Scope of Practice Affected by Residency Program and Physician Characteristics
Family physicians with rural exposure during residency training or who graduate from stand-alone, community-based residency programs are more likely to provide broad scope care associated with better outcomes according to a recent study published in Academic Medicine. The study also finds that family physicians practicing in the Midwest and West provide broader scope than those practicing in the South and Northeast. These findings update previous research and are made more important by recent studies showing that patients of primary care physicians who practice broad scope care have 15% lower overall healthcare costs and 25% less likely to be hospitalized. The study is also relevant to increasing focus on the outcomes of residency training and what the public should get for nearly $16 billion in annual funding. The authors also cite another recent study that found that family physicians who have the broadest scope of practice are also less likely to be burned out.
This study builds on existing evidence that practice patterns learned during residency training are predictive of future practice. The authors are careful to point out that the students who choose stand-alone residencies or those with rural exposure may be different from students who choose academic and large training programs, but still conclude that, “Increasing exposure to rural locations and establishing more community-based training experiences may increase the likelihood of producing a family physician with a broad scope of practice who can better serve the patient population.”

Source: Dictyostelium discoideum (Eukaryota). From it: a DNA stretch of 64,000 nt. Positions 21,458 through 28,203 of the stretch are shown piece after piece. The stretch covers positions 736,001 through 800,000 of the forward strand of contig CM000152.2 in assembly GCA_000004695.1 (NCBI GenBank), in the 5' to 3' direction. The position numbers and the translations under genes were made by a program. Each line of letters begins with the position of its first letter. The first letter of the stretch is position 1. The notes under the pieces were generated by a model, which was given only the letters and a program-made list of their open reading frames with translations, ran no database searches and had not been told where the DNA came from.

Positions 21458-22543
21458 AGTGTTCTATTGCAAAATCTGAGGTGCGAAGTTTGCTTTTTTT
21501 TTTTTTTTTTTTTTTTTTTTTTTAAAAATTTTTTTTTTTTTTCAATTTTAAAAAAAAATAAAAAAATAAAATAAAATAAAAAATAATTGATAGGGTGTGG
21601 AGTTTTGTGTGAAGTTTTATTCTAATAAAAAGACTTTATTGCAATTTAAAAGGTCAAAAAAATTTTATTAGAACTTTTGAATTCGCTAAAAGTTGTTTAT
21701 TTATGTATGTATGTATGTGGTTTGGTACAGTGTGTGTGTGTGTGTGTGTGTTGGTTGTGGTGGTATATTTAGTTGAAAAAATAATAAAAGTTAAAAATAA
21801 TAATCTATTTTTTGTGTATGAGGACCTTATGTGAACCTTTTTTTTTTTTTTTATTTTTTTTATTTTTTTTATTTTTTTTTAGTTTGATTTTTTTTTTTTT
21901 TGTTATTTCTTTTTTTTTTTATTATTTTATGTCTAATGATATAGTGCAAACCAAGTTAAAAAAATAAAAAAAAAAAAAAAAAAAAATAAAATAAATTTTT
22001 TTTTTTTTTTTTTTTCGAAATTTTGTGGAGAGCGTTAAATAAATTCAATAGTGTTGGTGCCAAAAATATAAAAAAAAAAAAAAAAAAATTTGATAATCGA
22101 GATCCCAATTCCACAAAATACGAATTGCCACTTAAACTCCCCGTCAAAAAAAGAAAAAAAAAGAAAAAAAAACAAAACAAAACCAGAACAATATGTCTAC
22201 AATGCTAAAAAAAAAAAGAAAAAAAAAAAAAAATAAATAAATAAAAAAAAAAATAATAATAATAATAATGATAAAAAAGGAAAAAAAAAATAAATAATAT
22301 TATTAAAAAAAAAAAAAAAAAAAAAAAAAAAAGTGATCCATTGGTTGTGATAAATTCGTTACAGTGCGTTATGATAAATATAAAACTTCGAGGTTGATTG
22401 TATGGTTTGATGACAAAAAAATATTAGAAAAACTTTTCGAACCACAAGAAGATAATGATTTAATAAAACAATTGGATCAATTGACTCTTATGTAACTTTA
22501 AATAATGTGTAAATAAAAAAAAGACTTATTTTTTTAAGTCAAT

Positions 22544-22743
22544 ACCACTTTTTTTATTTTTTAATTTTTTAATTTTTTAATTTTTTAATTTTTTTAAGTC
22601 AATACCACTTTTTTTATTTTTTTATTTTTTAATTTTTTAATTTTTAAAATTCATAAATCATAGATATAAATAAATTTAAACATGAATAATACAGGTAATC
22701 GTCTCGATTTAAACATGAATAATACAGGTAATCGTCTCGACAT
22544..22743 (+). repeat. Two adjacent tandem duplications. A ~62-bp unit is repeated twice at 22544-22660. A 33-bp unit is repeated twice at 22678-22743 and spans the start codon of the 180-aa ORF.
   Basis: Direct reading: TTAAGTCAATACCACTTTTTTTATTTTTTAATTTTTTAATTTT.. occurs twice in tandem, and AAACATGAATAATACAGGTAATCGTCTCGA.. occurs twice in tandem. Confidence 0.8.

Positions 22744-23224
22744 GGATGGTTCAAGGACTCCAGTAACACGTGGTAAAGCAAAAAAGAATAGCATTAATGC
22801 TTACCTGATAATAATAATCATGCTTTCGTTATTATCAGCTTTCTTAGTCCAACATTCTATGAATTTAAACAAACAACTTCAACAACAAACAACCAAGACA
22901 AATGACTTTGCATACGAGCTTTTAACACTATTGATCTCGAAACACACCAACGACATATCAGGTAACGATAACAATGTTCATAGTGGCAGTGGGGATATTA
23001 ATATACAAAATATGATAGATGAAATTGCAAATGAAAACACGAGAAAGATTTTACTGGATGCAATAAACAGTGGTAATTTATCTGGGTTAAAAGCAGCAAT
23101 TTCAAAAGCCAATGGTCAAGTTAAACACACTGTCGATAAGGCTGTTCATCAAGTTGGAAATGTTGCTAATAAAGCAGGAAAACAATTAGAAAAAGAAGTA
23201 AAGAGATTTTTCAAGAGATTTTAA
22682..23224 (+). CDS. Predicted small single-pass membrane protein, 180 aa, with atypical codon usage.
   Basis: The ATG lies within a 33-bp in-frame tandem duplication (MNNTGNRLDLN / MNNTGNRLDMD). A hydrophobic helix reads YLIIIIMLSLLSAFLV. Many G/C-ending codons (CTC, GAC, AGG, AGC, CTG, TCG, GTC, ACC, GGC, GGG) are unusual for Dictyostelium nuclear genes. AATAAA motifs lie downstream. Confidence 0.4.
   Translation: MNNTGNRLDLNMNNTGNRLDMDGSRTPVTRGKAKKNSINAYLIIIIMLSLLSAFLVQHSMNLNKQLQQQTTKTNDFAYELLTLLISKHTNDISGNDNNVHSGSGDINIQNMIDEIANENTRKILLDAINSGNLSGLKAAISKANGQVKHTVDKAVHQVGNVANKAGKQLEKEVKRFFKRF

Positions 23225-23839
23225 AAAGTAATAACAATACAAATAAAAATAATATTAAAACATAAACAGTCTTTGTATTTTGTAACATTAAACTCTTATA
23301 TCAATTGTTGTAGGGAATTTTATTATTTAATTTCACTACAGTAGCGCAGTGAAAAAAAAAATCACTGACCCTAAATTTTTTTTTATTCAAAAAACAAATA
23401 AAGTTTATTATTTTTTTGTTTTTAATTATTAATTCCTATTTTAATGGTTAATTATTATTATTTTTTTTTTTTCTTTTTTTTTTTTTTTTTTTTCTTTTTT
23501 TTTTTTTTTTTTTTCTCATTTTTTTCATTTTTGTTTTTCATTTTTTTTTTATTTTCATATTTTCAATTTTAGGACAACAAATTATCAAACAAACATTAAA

Individual characteristics also affected scope of practice in this study. Female physicians, osteopathic physicians, and International Medical Graduates (IMG) had a smaller scope of practice, consistent with prior studies using similar data. The authors suggest that since osteopathic physicians and IMGs provide a large amount of primary care in rural settings, and female physicians are a growing percentage of the overall workforce, designing residency training experiences to influence broader scope in later practice may be important.
The researchers used residency program data from the 2012 Accreditation Council for Graduate Medical Education Accreditation Data System and self-reported data from family physicians as they registered for their first certification examination between 2013–2016. The Scope of Practice for Primary Care score for each individual was based on physicians’ responses about the clinical activities and sites where they deliver care. The study sample included 8,261 family physicians who trained in 423 residency programs and were applying for their first continuing certification examination nearly a decade after completing training. The study is part of a larger effort by the American Board of Family Medicine and the Association of Family Medicine Residency Directors to understand training outcomes and experiences with the aims of improving training outcomes and to support better graduate medical education policy.
The complete article can be found in Academic Medicine.
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